Nearly four decades ago, Ted Muenster was in the vanguard of a Democratic revolution in South Dakota.
So successful were Democrats that, for one general election in 1978, their voter registration numbers surpassed Republicans.
That has never happened again. In fact, Democrats today have about 17,000 fewer registered voters than they did all those 36 years ago.
The party hit a historic low point in last month’s election. Democrats won only 20 of the 105 seats in the Legislature, failed to win any of the 13 offices elected by South Dakota voters as a whole, and suffered the biggest percentage-point margin of defeat in any gubernatorial race in state history.
During the 1970s, Muenster was chief of staff for Democratic Gov. Dick Kneip. Muenster has seen some bad elections for Democrats since then, but perhaps none worse than Nov 4.
“The Democratic Party in South Dakota is always on the ragged edge of catastrophe,” Muenster said. “But it’s now at its lowest point in 50 years.”
Muenster made the comment while participating in a panel discussion last month at the University of South Dakota in Vermillion. The discussion was part of a launch event for the second volume of “The Plains Political Tradition,” a book of essays published by the South Dakota Historical Society Press.
In the book and at the conference, three people offered theories to explain why South Dakota Democrats have fallen so far since their heyday in the late ’70s.
In the panel discussion, Muenster said the Roe v. Wade abortion decision and also the failure of the Oahe Irrigation Project, both in the 1970s, divided Democrats.
In essays written for the book, author Tony Venhuizen pinpointed the 1980s farm crisis as a turning point in the declining political influence of Democratic agricultural movements. Author Mark Lempke said the social turmoil of the 1970s undercut Democratic leader George McGovern and his support from mainline Protestant churches.
Taken together, the theories help explain a South Dakota Democratic Party that’s weakened from the removal of a number of historical supports.
Abortion and irrigation
Muenster said the Roe v. Wade ruling, which protected abortion rights, drove a wedge between pro-life Catholic Democrats and pro-choice Democrats.
Before Roe v. Wade, “‘Catholic Democrat’ was one word,” Muenster said, in part because the Democrats’ interest in social justice aligned closely with many Catholic teachings. After Roe v. Wade, some Catholic Democrats left the Democratic Party because of its pro-choice stance and joined Republicans to fight abortion.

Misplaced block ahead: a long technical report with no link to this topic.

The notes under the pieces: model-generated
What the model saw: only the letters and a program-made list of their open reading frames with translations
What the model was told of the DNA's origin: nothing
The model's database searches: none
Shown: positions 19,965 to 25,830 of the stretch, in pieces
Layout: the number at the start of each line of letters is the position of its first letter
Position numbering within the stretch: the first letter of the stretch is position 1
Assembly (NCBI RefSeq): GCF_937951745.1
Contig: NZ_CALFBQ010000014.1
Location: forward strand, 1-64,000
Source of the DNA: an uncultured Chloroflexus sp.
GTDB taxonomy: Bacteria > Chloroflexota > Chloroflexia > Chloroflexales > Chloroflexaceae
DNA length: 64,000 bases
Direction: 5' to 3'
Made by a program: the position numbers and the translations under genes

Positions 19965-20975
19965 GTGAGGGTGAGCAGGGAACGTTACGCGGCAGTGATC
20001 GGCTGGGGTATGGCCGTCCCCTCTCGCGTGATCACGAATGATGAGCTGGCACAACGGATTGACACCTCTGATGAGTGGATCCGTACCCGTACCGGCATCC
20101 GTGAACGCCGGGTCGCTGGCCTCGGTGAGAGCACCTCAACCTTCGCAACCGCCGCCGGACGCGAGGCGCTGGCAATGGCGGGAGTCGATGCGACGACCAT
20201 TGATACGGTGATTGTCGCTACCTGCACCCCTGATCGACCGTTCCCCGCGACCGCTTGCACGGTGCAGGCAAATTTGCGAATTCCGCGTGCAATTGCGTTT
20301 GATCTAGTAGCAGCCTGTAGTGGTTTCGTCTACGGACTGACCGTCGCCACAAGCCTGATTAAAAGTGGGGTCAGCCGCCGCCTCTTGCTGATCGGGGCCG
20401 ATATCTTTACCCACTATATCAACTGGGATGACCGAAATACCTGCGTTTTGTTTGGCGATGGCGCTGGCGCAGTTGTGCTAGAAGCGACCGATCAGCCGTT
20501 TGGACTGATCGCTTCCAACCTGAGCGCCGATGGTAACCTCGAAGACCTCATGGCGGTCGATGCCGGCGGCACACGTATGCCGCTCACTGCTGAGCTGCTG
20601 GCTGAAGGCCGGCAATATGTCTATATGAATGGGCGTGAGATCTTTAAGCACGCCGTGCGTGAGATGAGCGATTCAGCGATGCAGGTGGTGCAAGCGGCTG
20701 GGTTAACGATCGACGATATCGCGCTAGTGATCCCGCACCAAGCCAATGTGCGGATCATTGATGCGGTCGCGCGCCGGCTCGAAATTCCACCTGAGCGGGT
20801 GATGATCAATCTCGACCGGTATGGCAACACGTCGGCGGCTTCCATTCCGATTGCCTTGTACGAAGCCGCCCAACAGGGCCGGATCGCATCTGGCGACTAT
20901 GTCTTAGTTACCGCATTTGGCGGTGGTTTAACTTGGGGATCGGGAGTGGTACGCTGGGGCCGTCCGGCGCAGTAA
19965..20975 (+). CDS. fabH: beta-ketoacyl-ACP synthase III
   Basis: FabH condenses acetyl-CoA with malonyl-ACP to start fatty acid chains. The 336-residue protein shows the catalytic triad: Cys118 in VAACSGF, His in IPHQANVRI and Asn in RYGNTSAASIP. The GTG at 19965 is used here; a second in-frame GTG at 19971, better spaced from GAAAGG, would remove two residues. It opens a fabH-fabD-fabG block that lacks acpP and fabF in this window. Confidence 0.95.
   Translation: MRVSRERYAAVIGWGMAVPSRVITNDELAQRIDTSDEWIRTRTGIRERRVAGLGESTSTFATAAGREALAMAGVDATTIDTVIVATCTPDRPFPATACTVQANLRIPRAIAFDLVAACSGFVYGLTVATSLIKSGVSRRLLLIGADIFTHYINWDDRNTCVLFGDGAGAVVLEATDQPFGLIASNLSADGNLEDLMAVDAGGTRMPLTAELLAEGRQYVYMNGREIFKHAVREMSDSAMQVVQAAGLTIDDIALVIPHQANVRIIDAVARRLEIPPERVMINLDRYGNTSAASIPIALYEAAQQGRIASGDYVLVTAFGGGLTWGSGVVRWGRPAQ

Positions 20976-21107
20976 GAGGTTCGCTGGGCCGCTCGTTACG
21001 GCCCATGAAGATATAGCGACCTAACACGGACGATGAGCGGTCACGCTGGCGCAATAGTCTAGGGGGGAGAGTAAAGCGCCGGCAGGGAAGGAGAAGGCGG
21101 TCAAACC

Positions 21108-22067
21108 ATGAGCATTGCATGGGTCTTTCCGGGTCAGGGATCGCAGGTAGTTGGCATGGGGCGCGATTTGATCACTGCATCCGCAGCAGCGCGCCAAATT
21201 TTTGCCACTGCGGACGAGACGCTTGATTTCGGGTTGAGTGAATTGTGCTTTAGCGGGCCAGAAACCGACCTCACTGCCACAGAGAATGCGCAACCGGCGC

Meanwhile, the Democratic Party also was split by growing 1970s opposition to the Oahe Irrigation Project. It was meant to capture water from the massive Oahe Reservoir on the Missouri River north of Pierre and move it eastward by a system of canals. It had support from powerful Democrats, including George McGovern, who was then a U.S. senator and was nationally prominent because of his failed 1972 presidential campaign.
The irrigation project became intensely political as opposition arose from landowners in the path of the canals and environmentalists who formed a coalition and derailed the plans. That coalition pitted some environmentally activist Democrats against other Democrats.
“The environmentalists came in, and the Democrats were shaken by that,” Muenster said.
Declining farm numbers
Venhuizen, chief of staff for Republican Gov. Dennis Daugaard, contributed an essay on South Dakota’s governors to “The Plains Political Tradition.”
One of the themes he noticed during his research was the tendency of Democrats to make gains in gubernatorial politics during periods of “agrarian discontent.”
That’s no longer the case, Venhuizen said, because farm numbers have declined so far that even a massive shift of farmers to the Democratic Party could no longer swing an election.